The result(s)

After a few searches, the best option for the way the site had been set up was the first result for “add file modified date to css wordpress”, which was Force CSS changes to “go live” immediately by Mark Jaquith. His solution is simple, automatic, and quick to apply.

The important bits

Of course, the code might change slightly based on how you have your stylesheets set up relative to your theme folder (so modify it based on where you have your CSS file stored and what you’ve named it), but in essence, simply replacing your normal <link rel=”stylesheet” href=”xyz.css” type=”text/css” /> with the following works like a charm:

<link rel="stylesheet" href="<?php bloginfo('stylesheet_directory'); ?>/styles/main.css<?php echo '?' . filemtime( get_stylesheet_directory() . '/styles/main.css'); ?>" type="text/css" />

The above generates the following call on the front end, notice the version number that I’ve bolded:

<link rel="stylesheet" href="http://YourDomain.com/wp-content/themes/YourTheme/styles/main.css?1467917567" type="text/css">

When a new main.css file is uploaded, the version number will change automatically and the visitor’s browser will load the most recent version automatically. Thanks, Mark!

“Reverse video photoshop” (or How to reverse video frames to create a better looping GIF)

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What I was after

Looking at my Timeline in Photoshop, I couldn’t see an option to reverse my video in order to create a slightly smoother looping GIF of something embarrassing my friend did (you know, the best catalyst to learn something new). Basically, I wanted to accomplish what Boomerang for Instagram does since the video was not conducive to being looped directly start to finish and over again due to camera zoom (I mean, I could have done that, but it would have been a more abrupt loop).

The result(s)

I found that the first result on Google for my search, a YouTube tutorial called 0400 Photoshop : How to reverse a video sequence by user EPFLDITSUP did a decent job of explaining how to accomplish the task through a kind of indirect workaround method.

Watch the video yourself here if you like, and see my summary for a list of steps if you can’t be bothered:

The important bits

In essence, the video tells us to:

  • Open our video file, find and cut the part we want to loop and export it as a new video (File \ Export \ Render Video)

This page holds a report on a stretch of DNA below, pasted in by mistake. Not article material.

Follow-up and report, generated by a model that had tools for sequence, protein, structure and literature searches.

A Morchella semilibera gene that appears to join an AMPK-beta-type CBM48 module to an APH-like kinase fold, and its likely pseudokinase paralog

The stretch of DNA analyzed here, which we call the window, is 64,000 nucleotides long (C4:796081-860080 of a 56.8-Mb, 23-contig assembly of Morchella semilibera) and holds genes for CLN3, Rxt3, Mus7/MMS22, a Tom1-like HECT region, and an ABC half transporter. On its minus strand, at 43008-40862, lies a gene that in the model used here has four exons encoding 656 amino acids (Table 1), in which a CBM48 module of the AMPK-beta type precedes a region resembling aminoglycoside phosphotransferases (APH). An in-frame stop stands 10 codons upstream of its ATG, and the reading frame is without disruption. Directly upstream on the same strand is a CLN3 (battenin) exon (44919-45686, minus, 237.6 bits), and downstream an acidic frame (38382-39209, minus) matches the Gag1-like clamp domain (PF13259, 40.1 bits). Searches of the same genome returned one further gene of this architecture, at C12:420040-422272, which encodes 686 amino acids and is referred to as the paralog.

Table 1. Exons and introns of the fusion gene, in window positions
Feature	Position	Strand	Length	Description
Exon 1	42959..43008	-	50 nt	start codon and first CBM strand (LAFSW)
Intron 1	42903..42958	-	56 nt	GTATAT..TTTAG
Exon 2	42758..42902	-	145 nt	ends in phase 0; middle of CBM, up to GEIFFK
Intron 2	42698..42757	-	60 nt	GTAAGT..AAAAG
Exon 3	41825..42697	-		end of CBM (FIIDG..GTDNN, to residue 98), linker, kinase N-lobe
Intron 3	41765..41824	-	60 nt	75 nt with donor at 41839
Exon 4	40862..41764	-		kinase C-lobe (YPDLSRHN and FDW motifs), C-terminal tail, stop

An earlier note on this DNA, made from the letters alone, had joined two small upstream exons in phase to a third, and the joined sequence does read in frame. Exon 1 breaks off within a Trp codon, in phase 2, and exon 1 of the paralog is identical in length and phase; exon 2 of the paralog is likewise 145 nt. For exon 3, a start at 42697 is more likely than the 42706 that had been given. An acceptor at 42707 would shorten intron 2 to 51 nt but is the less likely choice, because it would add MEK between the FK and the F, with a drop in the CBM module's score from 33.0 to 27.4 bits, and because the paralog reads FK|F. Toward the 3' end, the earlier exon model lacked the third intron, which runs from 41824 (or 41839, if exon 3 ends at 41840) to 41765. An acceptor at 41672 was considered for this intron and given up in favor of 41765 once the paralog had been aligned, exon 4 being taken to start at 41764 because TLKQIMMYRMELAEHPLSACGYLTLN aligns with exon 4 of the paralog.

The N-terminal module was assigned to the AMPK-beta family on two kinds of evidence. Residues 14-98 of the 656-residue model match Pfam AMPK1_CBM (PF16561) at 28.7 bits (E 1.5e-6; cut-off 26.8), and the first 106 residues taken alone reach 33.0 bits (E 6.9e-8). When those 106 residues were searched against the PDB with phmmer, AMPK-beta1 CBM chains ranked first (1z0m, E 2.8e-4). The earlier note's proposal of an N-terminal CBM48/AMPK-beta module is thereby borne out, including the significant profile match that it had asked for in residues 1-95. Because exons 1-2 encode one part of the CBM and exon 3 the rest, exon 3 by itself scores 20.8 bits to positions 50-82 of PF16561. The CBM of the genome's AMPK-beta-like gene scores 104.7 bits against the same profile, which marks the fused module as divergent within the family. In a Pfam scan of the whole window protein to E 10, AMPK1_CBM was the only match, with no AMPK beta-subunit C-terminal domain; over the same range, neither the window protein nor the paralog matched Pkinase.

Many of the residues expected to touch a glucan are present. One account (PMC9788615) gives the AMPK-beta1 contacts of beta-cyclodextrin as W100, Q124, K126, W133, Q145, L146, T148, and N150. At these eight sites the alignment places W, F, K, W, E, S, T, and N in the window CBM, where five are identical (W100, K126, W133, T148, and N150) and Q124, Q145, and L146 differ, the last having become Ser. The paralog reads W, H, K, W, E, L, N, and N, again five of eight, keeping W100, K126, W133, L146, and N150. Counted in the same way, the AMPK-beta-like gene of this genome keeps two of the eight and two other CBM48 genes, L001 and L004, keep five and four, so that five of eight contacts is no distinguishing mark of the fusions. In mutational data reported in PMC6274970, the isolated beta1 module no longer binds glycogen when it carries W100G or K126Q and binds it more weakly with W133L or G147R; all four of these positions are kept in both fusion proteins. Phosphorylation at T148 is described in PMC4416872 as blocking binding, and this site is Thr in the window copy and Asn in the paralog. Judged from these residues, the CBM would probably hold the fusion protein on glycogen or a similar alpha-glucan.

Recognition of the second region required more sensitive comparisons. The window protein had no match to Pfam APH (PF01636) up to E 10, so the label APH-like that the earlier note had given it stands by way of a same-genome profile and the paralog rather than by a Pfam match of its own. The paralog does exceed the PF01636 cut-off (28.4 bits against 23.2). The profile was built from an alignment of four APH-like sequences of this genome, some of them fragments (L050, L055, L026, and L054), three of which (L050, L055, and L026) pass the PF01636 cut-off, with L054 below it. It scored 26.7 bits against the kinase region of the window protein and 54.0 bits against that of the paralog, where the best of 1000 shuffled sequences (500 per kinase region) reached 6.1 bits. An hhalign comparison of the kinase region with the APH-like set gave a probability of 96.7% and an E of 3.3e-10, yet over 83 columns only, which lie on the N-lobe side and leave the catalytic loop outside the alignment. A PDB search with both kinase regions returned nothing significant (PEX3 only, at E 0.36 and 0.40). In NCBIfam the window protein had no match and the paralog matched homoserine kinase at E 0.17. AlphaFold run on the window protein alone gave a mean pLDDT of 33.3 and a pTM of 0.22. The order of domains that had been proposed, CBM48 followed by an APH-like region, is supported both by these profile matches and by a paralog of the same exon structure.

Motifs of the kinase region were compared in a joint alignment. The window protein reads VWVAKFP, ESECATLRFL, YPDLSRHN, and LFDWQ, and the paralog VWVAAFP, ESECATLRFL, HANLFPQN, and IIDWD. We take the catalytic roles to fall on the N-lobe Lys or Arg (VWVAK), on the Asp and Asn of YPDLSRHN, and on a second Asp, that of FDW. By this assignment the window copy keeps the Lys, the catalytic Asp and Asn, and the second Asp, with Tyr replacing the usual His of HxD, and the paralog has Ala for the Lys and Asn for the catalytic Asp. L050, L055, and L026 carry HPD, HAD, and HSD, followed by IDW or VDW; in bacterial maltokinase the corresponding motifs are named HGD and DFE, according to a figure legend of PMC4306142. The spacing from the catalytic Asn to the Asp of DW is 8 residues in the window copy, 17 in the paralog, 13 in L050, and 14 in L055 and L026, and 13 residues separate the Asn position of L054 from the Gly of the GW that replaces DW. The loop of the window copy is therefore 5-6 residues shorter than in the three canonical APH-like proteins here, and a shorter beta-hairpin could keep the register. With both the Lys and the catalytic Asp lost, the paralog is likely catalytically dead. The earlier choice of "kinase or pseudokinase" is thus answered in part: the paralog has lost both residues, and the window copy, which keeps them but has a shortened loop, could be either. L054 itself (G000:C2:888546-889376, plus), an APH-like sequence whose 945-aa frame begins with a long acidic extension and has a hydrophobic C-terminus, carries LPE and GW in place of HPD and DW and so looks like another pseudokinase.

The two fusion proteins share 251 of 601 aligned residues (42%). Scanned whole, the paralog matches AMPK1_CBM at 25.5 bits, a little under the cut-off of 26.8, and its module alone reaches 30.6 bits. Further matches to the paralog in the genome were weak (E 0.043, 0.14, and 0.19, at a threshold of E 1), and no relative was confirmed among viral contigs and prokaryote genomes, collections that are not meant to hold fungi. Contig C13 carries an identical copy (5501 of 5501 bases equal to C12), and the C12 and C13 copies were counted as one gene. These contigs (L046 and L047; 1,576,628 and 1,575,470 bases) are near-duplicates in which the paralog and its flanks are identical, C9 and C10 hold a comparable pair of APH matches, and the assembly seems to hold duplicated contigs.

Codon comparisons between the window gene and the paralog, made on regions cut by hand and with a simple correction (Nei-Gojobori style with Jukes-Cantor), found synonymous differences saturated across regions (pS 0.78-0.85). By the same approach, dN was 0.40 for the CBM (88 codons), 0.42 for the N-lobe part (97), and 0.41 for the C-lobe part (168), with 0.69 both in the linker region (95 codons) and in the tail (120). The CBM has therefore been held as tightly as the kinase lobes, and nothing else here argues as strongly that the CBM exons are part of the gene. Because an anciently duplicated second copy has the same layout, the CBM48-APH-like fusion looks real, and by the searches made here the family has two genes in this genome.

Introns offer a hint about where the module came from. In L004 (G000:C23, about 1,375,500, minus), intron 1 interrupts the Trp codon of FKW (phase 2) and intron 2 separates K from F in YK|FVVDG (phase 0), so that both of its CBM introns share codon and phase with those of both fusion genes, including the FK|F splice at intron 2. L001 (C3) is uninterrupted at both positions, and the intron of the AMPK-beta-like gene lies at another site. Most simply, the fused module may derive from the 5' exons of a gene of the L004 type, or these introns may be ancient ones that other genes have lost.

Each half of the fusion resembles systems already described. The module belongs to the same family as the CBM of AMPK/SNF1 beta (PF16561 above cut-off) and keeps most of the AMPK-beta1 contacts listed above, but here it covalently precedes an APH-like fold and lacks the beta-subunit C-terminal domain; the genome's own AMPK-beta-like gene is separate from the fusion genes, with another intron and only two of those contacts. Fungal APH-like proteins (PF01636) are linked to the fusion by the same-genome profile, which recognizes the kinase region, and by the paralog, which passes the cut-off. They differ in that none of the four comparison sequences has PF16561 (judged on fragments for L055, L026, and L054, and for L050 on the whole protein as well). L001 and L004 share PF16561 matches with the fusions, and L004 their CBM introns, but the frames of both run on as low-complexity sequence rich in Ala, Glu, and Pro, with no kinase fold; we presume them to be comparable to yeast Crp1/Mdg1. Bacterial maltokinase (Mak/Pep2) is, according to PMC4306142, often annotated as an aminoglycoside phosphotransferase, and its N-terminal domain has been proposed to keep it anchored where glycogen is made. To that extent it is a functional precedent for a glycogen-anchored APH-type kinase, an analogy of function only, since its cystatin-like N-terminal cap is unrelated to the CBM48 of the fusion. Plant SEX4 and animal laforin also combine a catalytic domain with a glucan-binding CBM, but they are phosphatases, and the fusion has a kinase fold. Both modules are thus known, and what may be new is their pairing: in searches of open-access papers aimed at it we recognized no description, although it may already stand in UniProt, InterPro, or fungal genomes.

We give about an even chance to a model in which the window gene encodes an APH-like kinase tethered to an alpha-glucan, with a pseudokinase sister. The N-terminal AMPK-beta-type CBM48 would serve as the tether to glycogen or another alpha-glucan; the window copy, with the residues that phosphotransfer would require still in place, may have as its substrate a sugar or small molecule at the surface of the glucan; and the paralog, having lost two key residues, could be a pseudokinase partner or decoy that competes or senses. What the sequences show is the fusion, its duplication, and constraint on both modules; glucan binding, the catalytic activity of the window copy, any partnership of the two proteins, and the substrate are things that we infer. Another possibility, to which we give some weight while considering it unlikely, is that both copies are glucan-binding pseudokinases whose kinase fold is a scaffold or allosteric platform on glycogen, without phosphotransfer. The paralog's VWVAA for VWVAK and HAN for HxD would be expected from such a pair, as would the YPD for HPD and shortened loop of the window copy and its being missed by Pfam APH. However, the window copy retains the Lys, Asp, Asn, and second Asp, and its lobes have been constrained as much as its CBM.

• Create a new document importing the cut video as layers (File \ Import \ Video Frames to Layers)
  • In the Timeline panel (Window \ Timeline), click the menu option on the top right and select Select All Frames
  • In that same menu, select Copy Frames
  • In that same menu again, select Reverse Frames
  • In that same menu again, select Paste Frames…

There you go, you’ve now got the video going front-ways then back-ways. Export your GIF and laugh at your friend’s shame.

 

“Style bullet points CSS” (or How to style coloured bullets without using image assets)

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What I was after

One of the sites I was working on needed green bullets for unordered lists. I know there are two common workarounds to achieve this without making the text in the list items green: using an image as the list-style-image or adding span tags within the list item and targeting span tags with a specific color attribute. I didn’t want to rely on images because I felt it made the code less clean and the span tag workaround was not an option due to the non-technical authors who would be publishing posts.

The result(s)

Google’s fifth result, How to set Bullet colors in UL/LI html lists via CSS without using any images or span tags [duplicate] (http://stackoverflow.com/questions/5306640/how-to-set-bullet-colors-in-ul-li-html-lists-via-css-without-using-any-images-or), gave me the answer I was after with an entry from Lea Verou.

The important bits

Here’s what I pieced together from several comments and some tinkering to land with a version that was essentially the same result visually as the built-in unordered list style, but with the green bullet made of a text character and the authors not having to worry about any special styling during their content creation:

ul {
  list-style: none;
  padding:0;
  margin:0 0 10px 10px;
}
ul li {
  padding-bottom:4px;
  padding-left: 2em;